Rather than injecting cardiomyocytes into the adult heart, it might be possible to mobilise endogenous differentiated cardiomyocytes by stimulating their re-entry into the cell cycle. Remarkable progress has been achieved on this front in the past decade by forced expression of general cell cycle regulators in adult cardiomyocytes, including cyclin A2 (Chaudhry et al., 2004; Shapiro et al., 2014; Woo et al., 2006), cyclin D1/2/3 (Hassink et al., 2008; Pasumarthi et al., 2005; Soonpaa et al., 1997) and cyclin-dependent kinase 2 (Cdk2) (Liao et al., 2001). In all cases, reactivation of the cell cycle regulator was achieved in rodent or porcine hearts using transgenic or viral approaches. Cardiomyocyte-specific Cdk2 transgene overexpression is among the first strategies to show increased DNA synthesis and proliferation index in adult murine hearts (Liao et al., 2001). However, challenge to transgenic hearts using pressure overload caused maladaptive hypertrophy in transgenic animals, suggesting that this approach might not be pro-regenerative. Alternative approaches used cyclin A2, which is normally downregulated after birth coinciding with cardiomyocyte cell cycle arrest in the postnatal period (Chaudhry et al., 2004). Forced constitutive cyclin A2 expression in murine cardiomyocytes using the MHC promoter led to enlargement of adult hearts, accompanied by cardiomyocyte mitosis, as assessed by phospho-histone H3 staining. Woo and colleagues further demonstrated that adenoviral injection of cyclin A2 into the border zone of infarcted rat hearts increased cardiomyocyte proliferation, as measured by PCNA antibody staining, as well as improved heart function (Woo et al., 2006). The study of Woo and colleagues was followed up by adenoviral injection of cyclin A2 into infarcted porcine hearts (Shapiro et al., 2014), a model physiologically closer to humans. The porcine model confirmed findings previously described for rodents, as virus-transduced hearts showed improved function, increased cardiomyocyte mitosis as assessed by Ki67 antibody staining, increased cardiomyocyte numbers and decreased fibrosis. The authors further claimed that full cytokinesis was achieved in cyclin A2-infected adult porcine cardiomyocytes in vitro, although these findings have not been confirmed in the infarcted hearts. Overexpression of cyclin D2 using the cardiomyocyte-specific MHC promoter has also shown an improvement in the regenerative response (Hassink et al., 2008; Pasumarthi et al., 2005), although cyclins D1/3 were not useful in heart insult situations. Cyclin D2 transgenic murine hearts responded to isoproterenol-induced hypertrophy, pressure overload, myocardial cauterisation and infarct by increasing DNA synthesis and cardiomyocyte numbers, and, in the latter case, by reduction in infarct size. The combined data point to cyclins A2 and D2 as the most promising cell cycle regulators for possible therapeutic use. Although these studies provide useful insights, it remains unclear whether re-entry into the cell cycle in each case was accompanied by complete cell division or only nuclear division. Nevertheless, these studies demonstrate the capacity of cell cycle regulators to improve myocardial regeneration following ischemic events.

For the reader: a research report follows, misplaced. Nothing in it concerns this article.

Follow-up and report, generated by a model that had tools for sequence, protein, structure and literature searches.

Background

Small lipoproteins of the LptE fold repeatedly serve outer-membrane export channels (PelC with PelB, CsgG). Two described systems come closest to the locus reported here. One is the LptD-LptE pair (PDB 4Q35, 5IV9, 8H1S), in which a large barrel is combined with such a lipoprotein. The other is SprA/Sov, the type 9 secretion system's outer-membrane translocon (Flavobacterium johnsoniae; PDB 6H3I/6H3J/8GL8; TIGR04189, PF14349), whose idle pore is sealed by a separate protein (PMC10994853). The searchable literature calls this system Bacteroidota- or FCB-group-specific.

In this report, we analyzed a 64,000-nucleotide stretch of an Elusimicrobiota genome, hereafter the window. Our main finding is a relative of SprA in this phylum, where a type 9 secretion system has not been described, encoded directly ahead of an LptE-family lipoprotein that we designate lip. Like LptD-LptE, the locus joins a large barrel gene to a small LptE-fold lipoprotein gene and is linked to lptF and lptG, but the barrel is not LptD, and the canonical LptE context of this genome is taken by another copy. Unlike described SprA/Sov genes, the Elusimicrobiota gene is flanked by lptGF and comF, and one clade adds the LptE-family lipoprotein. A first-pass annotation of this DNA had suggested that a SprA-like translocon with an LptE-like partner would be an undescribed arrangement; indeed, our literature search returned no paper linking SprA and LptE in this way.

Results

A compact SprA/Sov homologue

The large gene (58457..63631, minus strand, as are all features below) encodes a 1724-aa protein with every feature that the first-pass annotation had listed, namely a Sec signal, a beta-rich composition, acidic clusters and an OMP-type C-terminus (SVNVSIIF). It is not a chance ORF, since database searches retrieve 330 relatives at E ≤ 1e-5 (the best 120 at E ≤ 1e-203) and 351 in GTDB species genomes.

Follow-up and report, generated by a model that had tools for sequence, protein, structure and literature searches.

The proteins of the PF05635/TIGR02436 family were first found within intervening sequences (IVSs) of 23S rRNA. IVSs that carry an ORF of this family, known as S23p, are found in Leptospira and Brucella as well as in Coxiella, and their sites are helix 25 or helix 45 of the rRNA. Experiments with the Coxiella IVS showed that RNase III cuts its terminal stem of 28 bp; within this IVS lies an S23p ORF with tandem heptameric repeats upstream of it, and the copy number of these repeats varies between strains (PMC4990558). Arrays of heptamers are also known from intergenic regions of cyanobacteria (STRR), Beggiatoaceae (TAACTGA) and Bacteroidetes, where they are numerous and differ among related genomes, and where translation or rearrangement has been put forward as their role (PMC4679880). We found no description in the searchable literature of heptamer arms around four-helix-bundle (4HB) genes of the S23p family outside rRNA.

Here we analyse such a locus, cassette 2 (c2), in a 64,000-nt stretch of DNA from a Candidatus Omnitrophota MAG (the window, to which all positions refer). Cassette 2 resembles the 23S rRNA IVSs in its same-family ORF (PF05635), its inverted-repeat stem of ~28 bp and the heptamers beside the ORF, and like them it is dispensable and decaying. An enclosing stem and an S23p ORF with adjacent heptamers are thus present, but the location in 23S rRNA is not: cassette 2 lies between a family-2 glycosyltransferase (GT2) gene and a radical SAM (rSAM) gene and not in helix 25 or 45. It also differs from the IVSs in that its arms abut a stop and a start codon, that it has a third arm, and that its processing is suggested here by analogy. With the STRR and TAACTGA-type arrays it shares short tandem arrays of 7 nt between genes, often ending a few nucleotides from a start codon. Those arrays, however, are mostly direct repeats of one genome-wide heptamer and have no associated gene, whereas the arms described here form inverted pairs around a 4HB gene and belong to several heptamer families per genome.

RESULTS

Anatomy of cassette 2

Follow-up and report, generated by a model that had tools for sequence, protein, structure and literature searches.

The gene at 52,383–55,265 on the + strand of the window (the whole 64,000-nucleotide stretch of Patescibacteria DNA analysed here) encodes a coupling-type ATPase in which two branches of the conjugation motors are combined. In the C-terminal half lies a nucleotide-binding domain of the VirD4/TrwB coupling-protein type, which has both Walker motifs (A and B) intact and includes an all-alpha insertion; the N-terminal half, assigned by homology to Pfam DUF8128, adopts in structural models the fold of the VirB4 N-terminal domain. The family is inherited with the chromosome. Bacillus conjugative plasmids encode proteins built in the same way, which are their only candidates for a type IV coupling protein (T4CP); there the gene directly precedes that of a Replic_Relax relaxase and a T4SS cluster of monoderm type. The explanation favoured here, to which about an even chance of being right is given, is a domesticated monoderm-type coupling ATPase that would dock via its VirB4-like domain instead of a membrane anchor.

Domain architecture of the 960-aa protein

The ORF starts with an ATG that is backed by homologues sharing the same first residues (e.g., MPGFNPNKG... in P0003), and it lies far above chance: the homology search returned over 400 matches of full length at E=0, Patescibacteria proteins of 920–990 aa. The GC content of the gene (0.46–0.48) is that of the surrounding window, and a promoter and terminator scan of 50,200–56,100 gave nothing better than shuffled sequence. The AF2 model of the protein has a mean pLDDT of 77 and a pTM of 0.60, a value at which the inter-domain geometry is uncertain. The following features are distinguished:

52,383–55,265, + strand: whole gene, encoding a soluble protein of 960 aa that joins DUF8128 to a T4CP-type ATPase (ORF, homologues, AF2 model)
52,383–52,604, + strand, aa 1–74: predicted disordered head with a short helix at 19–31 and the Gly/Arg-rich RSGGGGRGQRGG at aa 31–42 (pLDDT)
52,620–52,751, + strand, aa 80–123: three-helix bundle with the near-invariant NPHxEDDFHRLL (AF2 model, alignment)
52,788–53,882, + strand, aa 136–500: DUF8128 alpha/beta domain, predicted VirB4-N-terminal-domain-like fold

More recently, the involvement of the Hippo pathway in organ size control has been revealed. Hippo is a tyrosine kinase receptor that phosphorylates the Yap1 transcriptional co-activator. Yap1 phosphorylation leads to transcriptional inactivation and consequent growth restriction. Genetic deletion of Yap1 in cardiomyocytes leads to myocardial hypoplasticity and reduced proliferation during embryonic development (von Gise et al., 2012; Xin et al., 2013, 2011), or dilated cardiomyopathy, increased apoptosis and fibrosis (Del Re et al., 2013), as well as compromised regeneration after birth (Xin et al., 2013). Conversely, overactivation of Yap1 leads to enhanced proliferation (Xin et al., 2013, 2011), hyperplasia and increased regeneration (Xin et al., 2013), as well as cardiomegaly (von Gise et al., 2012). In adult hearts, modulation of components of the Hippo pathway favours beneficial remodelling following an ischemic event, increasing regeneration through reduction of scarring and improvement of functional parameters (Lin et al., 2014; Xin et al., 2013).